BOSTON — At the annual Boston Red Sox rookie program, players usually talk about their hopes of reaching the major leagues. The program, after all, serves as an orientation to the majors for prospects who are close to making it, in the eyes of the organization.

But half of the 10 players who gathered this week in Boston have already made their major league debut.

The Red Sox brought those players to the rookie program because some of them are fairly new to the Boston organization.

“It gives a different flavor,” Boston Player Development Director Ben Crockett said Friday during the program’s media session. “With acquisitions, we have four (or) five guys new to the organization. That has changed the direction (of the rookie program) a little bit.”

There is another reason for the older players. There are not enough new prospects considered major-league ready who have not already gone through the program.

A prospect gap?

“I don’t think so, necessarily,” Crockett said. “I think there’s another group coming up.”

But most of that group will be in Class A ball this season, at Greenville or Salem.

Only one player in the rookie camp this week is expected to be with the Portland Sea Dogs in 2015 – Henry Ramos, an outfielder who shined in Portland last year before a season-ending leg injury after 48 games.

Three of the five players with major league experience – pitchers Edwin Escobar, Heath Hembree and Zeke Spruill – were acquired through trades. Another, outfielder Rusney Castillo, was a touted free agent from Cuba who signed in August ($72.5 million for seven years).

Castillo, 27, played briefly for three minor league teams – including the Sea Dogs – before joining Boston for the last two weeks of the season. He is expected to be the starting center fielder for the Red Sox.

The other experienced outfielder, Mookie Betts, was not invited to last year’s rookie program, but he emerged last season, going from the Portland Sea Dogs to a starting position in the outfield at Fenway.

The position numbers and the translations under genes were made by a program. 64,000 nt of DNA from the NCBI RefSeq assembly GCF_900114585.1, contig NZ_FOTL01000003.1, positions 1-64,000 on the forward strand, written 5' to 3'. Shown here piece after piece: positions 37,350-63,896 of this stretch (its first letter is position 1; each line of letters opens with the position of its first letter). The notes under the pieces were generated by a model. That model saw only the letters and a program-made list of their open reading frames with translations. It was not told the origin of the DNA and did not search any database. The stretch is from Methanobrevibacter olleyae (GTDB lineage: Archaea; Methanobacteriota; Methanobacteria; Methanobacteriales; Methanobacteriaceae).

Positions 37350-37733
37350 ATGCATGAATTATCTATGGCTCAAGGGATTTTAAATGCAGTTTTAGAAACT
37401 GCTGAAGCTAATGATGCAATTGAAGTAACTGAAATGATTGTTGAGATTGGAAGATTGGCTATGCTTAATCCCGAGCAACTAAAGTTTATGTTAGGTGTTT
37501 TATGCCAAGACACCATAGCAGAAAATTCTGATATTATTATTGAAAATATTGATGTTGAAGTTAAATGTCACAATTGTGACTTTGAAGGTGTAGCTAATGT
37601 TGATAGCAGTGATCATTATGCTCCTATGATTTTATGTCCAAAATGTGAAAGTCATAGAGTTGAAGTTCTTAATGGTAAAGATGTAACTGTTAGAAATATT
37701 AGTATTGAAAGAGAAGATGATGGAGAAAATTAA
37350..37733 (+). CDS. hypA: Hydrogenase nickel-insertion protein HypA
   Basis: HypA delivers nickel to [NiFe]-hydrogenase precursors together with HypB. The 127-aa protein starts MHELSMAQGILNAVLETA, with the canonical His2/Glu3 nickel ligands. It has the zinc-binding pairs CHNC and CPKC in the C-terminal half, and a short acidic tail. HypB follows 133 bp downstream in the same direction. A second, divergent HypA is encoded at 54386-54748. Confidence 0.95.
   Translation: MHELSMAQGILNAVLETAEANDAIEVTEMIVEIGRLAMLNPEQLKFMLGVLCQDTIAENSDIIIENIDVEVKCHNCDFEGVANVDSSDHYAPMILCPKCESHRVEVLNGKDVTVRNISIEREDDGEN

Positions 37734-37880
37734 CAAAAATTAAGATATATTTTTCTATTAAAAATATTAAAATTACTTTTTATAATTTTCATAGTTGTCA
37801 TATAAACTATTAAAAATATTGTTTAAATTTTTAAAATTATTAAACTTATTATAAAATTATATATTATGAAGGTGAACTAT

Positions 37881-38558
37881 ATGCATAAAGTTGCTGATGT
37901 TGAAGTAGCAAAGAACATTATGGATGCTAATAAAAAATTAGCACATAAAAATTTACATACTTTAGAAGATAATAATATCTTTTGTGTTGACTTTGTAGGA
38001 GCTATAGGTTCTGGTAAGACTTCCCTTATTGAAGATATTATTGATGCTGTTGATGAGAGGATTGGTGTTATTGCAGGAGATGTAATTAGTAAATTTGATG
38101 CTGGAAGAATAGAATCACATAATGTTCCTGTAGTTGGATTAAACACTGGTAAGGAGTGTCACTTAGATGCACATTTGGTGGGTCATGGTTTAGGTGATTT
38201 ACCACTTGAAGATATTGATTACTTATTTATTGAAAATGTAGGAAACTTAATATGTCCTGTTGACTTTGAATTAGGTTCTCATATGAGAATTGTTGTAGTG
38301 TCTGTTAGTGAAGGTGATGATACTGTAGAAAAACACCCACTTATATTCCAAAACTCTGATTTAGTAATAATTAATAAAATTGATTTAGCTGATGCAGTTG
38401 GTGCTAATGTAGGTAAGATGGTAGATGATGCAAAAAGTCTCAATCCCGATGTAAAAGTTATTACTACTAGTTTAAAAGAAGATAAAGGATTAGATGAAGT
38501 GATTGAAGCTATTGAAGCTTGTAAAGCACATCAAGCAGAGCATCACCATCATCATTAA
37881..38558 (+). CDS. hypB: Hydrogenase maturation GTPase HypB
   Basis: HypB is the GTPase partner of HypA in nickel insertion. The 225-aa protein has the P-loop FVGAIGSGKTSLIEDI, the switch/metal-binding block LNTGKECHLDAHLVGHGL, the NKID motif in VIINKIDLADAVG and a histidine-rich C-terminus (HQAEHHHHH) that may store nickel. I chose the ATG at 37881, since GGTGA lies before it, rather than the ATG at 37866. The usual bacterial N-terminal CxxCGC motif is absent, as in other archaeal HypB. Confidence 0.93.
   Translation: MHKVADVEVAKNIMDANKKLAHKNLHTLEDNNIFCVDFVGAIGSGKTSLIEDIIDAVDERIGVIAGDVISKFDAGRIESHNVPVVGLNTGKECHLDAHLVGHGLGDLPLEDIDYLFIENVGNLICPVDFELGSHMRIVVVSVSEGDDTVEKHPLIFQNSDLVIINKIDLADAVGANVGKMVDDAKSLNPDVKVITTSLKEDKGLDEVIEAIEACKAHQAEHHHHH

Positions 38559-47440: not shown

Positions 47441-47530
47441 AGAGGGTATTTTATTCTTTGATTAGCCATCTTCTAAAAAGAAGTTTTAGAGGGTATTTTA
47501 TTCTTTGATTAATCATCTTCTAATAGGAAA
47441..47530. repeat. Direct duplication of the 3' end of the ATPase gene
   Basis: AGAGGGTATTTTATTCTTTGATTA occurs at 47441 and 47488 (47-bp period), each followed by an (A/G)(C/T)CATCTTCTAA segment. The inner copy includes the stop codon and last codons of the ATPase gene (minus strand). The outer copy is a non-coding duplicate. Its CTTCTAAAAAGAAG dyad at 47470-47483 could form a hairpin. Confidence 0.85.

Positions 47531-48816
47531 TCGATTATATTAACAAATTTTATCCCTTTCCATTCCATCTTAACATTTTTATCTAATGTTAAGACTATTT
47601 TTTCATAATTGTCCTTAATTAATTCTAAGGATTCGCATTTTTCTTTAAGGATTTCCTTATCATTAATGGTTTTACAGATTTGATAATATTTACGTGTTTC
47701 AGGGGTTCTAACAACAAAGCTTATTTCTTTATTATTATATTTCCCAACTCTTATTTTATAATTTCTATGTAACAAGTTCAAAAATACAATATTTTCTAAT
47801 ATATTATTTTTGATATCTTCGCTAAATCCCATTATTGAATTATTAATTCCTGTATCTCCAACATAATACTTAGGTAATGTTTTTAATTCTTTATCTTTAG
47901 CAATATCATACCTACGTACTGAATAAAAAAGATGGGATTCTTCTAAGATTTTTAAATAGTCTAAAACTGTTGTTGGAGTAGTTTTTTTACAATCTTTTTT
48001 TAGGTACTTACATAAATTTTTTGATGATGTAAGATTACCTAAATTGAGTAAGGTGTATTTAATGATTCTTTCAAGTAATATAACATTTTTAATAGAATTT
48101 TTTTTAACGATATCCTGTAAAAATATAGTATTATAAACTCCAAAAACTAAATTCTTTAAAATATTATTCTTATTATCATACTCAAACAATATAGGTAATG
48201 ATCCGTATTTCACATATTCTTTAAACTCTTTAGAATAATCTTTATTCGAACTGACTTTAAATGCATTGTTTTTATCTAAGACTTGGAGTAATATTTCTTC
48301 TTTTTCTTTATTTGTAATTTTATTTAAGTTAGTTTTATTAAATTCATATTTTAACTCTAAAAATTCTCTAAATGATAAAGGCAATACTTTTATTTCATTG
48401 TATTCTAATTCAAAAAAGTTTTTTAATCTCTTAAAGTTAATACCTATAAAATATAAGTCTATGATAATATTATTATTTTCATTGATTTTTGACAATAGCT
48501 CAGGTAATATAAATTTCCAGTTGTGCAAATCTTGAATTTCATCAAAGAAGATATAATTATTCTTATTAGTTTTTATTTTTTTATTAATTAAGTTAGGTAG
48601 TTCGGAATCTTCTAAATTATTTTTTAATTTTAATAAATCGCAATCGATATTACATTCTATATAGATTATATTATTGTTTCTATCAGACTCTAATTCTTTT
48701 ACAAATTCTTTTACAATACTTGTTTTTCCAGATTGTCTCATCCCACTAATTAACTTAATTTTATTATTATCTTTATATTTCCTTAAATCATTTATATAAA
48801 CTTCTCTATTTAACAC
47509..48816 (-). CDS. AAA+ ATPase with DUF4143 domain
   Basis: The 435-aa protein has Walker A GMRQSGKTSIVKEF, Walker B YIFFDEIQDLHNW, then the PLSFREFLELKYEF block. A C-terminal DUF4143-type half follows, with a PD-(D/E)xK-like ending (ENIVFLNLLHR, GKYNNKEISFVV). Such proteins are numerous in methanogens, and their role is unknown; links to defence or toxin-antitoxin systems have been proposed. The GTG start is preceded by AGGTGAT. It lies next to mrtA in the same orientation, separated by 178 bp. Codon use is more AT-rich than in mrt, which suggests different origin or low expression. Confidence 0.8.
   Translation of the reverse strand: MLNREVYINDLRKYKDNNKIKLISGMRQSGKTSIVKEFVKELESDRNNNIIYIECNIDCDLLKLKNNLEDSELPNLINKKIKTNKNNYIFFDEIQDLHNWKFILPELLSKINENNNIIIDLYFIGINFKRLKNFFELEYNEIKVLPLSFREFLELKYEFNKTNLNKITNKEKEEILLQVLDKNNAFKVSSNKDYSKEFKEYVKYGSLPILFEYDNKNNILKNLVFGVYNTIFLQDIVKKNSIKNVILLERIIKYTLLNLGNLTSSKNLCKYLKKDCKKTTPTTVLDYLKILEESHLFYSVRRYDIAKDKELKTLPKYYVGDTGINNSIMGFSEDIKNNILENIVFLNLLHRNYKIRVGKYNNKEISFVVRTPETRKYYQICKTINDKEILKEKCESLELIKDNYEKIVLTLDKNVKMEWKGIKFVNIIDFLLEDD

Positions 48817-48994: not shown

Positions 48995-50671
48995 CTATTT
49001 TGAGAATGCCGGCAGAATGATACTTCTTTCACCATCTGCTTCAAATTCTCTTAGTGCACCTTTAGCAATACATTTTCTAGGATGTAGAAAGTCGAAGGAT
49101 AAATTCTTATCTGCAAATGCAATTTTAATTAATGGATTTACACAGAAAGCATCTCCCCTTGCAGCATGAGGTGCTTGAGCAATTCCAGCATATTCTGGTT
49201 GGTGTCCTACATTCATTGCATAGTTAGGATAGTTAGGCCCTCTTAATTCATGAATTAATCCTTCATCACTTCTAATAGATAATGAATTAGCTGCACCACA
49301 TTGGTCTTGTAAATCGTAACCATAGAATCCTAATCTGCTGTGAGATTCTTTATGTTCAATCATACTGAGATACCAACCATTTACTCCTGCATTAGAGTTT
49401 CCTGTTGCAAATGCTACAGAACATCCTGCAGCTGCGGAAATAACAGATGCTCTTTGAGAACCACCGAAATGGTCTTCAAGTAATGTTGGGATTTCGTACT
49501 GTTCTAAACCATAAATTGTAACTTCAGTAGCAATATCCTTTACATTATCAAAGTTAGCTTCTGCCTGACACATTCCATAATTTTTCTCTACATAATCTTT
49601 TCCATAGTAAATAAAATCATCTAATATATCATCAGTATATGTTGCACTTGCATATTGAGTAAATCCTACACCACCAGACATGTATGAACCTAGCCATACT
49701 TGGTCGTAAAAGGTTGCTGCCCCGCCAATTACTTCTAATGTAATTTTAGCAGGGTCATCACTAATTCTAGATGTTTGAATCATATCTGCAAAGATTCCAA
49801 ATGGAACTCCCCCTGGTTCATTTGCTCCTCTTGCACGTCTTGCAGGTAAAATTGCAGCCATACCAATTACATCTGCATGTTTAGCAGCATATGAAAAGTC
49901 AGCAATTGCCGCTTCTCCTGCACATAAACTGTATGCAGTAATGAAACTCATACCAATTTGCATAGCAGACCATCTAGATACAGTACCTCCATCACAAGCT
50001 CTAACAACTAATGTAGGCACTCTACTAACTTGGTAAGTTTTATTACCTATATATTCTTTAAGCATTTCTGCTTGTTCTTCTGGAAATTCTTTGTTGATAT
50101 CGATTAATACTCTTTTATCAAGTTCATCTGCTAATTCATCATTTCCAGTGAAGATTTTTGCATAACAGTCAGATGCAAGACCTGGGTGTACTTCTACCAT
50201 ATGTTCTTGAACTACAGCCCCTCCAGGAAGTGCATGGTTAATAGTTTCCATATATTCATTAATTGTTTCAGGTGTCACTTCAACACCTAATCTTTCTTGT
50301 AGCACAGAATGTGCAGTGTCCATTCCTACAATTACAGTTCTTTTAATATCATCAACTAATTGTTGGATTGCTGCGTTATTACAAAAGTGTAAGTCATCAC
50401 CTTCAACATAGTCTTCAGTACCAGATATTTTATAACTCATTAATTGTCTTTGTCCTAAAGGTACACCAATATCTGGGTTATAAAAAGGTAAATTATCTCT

Betts, 22, could be Boston’s staring right fielder, especially if Shane Victorino is not healthy. Manager John Farrell has talked about Betts being an ideal leadoff batter.

“Whether its leadoff or ninth, I just want to crack the lineup,” Betts said.

Betts began 2014 as part of a prospect-rich Sea Dogs team that saw several players promoted to Triple-A and, in Betts’ case, the majors.

The likelihood of so many promotions in 2015 is much lower. This year’s Portland team is not expected to carry a lot of top prospects, although highly regarded reliever Robby Scott could be on the team if he’s not on Triple-A Pawtucket’s roster.

The four best young prospects who were not in Boston this week include three who might make it to Portland sometimes this season: pitchers Trey Ball, 20, and Teddy Stankiewicz, 21, and outfielder Manuel Margot, 20. All three are expected to begin the year in Salem. Third baseman Rafael Devers, 18, is destined to begin in Greenville.

Boston filled out its rookie camp with four others who played last year in Portland. They did not reach the majors, but are close – pitchers Eduardo Rodriguez (obtained from Baltimore in the Andrew Miller trade) and Brian Johnson, catcher Blake Swihart and infielder Sean Coyle. Swihart is the only one who also took part in last year’s program (the group usually includes one catcher).

Spring training begins next month in Fort Myers, Florida, with pitchers and catchers reporting Feb. 20.